North American Pool Championship
(2) Canada @ (1) Slovakia
I don’t expect Canada to let an earlier blip on the radar throw them off again. When it counts, Canada has proven more as a big-game nation and have more guys who’ve proven big things as individuals. While I gave Slovakia the win in the round robin, this was accounting for a possible rest-day for Marty Brodeur. With him between the pipes, the Slovaks will be stymied and Canada will ride an ability to match the Slovaks fast pace and keep up their own grind-it-out style to a big W and a shot at all the marbles.

World Cup Game
Euro (3) Finland @ NA (2) Canada
The ACC will barely hold together for the noise in the building when Team Canada takes to the ice. It will, however, pale in comparison to the noise made when Mario Lemieux accepts the World Cup on behalf of his country. In what will be a fast-paced, mean-spirited affair, the Canadians will prove to be too much for the Finns by a couple of goals. The Finns will play their chippy, frustrating style, likely striking first only to be overpowered at their own game by the bigger Canucks. Canada will throw more bone-jarring hits, and the Finns style of play will be seen as one that awoke the sleeping giants instead of one that left the European pool licking their wounds. Canada will play it’s best game defensively in this one, and leave the battered Finns to accept the consolation prize.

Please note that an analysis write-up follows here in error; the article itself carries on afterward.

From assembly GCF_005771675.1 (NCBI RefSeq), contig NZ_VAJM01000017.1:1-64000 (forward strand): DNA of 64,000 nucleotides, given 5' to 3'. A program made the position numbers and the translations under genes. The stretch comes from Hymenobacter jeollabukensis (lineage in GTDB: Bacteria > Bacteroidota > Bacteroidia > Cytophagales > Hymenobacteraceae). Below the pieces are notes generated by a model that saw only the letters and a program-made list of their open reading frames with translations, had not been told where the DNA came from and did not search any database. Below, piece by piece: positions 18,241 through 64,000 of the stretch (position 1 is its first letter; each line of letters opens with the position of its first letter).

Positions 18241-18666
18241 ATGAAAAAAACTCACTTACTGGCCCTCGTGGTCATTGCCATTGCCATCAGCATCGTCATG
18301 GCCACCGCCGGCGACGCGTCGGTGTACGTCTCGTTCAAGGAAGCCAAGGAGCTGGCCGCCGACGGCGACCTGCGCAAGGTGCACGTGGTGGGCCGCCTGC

So the overall scheme of things as I see it would be as follows:
8th - Germany - (0-4-0)
7th - Russia - (0-3-1)
6th - USA - (1-3-0)
5th - Sweden - (2-2-0)
4th - Slovakia - (3-1-1)
3rd - Czech. Republic - (3-1-1)
2nd - Finland - (3-2-1)
World Cup Champions - Canada (5-1-0)
(Placing is decided by (1) round eliminated, (2) overall record, then (3) goal differential)

Thus my World Cup preview is completed. Hopefully I’ll come out of this looking like a genius, but if I don’t I’ll willingly accept any hate-mail or other comments at (Subject: Column). I’ll be posting reports on Canada’s efforts on days after games beginning with the USA to be posted September 1. Thanks for reading, for, I’m Matthew Ryder.


World Cup Preview: North American Pool